UPS Vice President Chuck Altimari moderated a Perimeter Business Alliance panel discussion Friday, Sept. 20, on the economic impact of logistics and transportation locally and in Georgia–key factors on operations at the Sandy Springs-based package handling company.
The panel discussion featured Hartsfield Jackson International Airport Aviation General Manager Louis Miller, and Georgia Ports Authority Chief Operating Officer Griff Lynch in addition to Altimari. Around 100 Perimeter business executives attended he luncheon meeting at Villa Christina.
Altimari, who is chairman of the Fulton Perimeter Community Improvement District and a member of the board of trustees of the Perimeter Business Alliance (PBA), said logistics and transportation “have supported me for my 36 year professional career,” and which he said is important to the overall growth and economic development of the state of Georgia.
Though the Atlanta airport and the Port of Savannah are not physically located within the Perimeter, Altimari and the other two panel members said they still have a major impact on business locally, just as the continued transportation improvements in the Perimeter area impact the airport and coastal ports.
As an example, Altimari pointed out that the next big transportation priority for the PBA and the two Perimeter CIDs is improving the GA 400/I-285 interchange. He asked the other panelists how traffic around the Perimeter affects their operations.
Miller said better traffic flow throughout the metro region is important for the airport to run smoothly. “We want them to be able to get to the airport as quickly as possible,” Miller said. “If they’re slowed down coming into or coming out, it impacts traffic around the airport.”
He told the audience that the airport is investing $70 million on inbound and outbound roadway improvements at the airport property. “Anything that helps travelers get to the airport is important,” he explained, and that includes access for freight handlers as well.
Altimari added, “It’s about Hartsfield Airport and getting to it and to customers anywhere in the world.” He said the proximity of Hartsfield Jackson International Airport was a big factor in UPS’ decision to re locate its corporate headquarters from Connecticut to the Perimeter.
He explained that UPS flies five planes a day to Hartsfield from hubs in the U.S. and the company has 800,000 square feet of warehouse space in south Atlanta because of the airport.
Altimari said UPS spends millions of dollars each year trying to improve its scheduling and delivery of packages. “It is critical to us” that transportation improvements such as the GA 400/I-285 interchange are a priority and take place. He said it also is “critical to employee retention” at the company’s headquarters.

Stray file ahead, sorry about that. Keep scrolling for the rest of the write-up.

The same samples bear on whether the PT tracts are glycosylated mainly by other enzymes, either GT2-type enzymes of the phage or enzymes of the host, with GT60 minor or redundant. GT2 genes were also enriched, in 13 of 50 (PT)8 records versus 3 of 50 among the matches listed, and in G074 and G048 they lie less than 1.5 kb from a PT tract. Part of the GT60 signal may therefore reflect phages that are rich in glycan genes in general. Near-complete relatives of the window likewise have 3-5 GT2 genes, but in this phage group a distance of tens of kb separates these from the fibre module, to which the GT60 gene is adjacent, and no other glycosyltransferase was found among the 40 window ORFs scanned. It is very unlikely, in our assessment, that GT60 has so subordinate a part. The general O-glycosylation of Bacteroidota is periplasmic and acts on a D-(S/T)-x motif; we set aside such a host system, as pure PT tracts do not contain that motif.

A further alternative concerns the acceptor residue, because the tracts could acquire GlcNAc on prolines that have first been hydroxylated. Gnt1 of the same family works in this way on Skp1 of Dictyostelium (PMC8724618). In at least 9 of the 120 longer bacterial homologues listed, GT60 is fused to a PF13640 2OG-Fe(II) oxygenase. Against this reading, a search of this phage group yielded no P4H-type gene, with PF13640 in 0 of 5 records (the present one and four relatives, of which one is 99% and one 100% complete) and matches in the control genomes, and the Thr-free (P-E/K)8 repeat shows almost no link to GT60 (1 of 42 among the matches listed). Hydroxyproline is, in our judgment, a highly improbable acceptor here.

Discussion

The UPS executive added that access to direct flights through Hartsfield is a big boost for the area’s economic development efforts as well as being an important resource for the shipment of packages and for shuttling its executives to posts throughout the world.
Lynch told the audience, “We are a gateway to the entire Southeast, but Atlanta is a major component of our growth. It’s very important that we rely on each other.” He said businesses want to know that their cargo can move quickly to its destination once it is unloaded in Savannah. “If cargo can’t move fluidly, they’re not going to come,” Lynch added.
He said the Ports Authority is spending $100 million a year to improve operations to move freight more efficiently from the ships to their destinations. “Water is the slowest way to move freight, but once it gets to port, it needs to move quickly,” Lynch said.
He said the Ports Authority is canvassing the state looking for inland rail and truck ports to help in the distribution of the freight.
Lynch said the Georgia Ports Authority directly employs about 1,000 people. But according to a study from the University of Georgia (which is done every two years), the movement of the cargo that comes through the ports creates more than 350,000 jobs statewide.
Altimari explained that, at present, the bulk of freight from Asia goes to Long Beach, California, because the size of the ships required to handle the capacity of the freight cannot go through the Panama Canal. When the expansion of the canal is completed, much of that freight will come to East Coast ports—hopefully including the Port of Savannah.
The Port of Savannah is the fourth largest port in the U.S., but it can presently only handle ships up to 9,2300 TEUs (20-foot equivalent units). Lynch said he had a call from a customer on his way to the luncheon who asked if the port could handle a 14,000 TEC ship. The answer now is no.
Lynch said, “There are ships now loading in Savannah and then going to Charleston to top off,” because the depth of the Savannah River is too shallow.“ Charleston’s port is only 50 percent as active as Savannah’s.
“Savannah has the shallowest depth river of any port in the U.S.,” Lynch said. Of the funds needed to deepen the river, the Ports Authority has $231 million but still needs $400 million more. He said he expects Congress to pass a bill in October that will let the authority to go forward with increasing the depth of the river.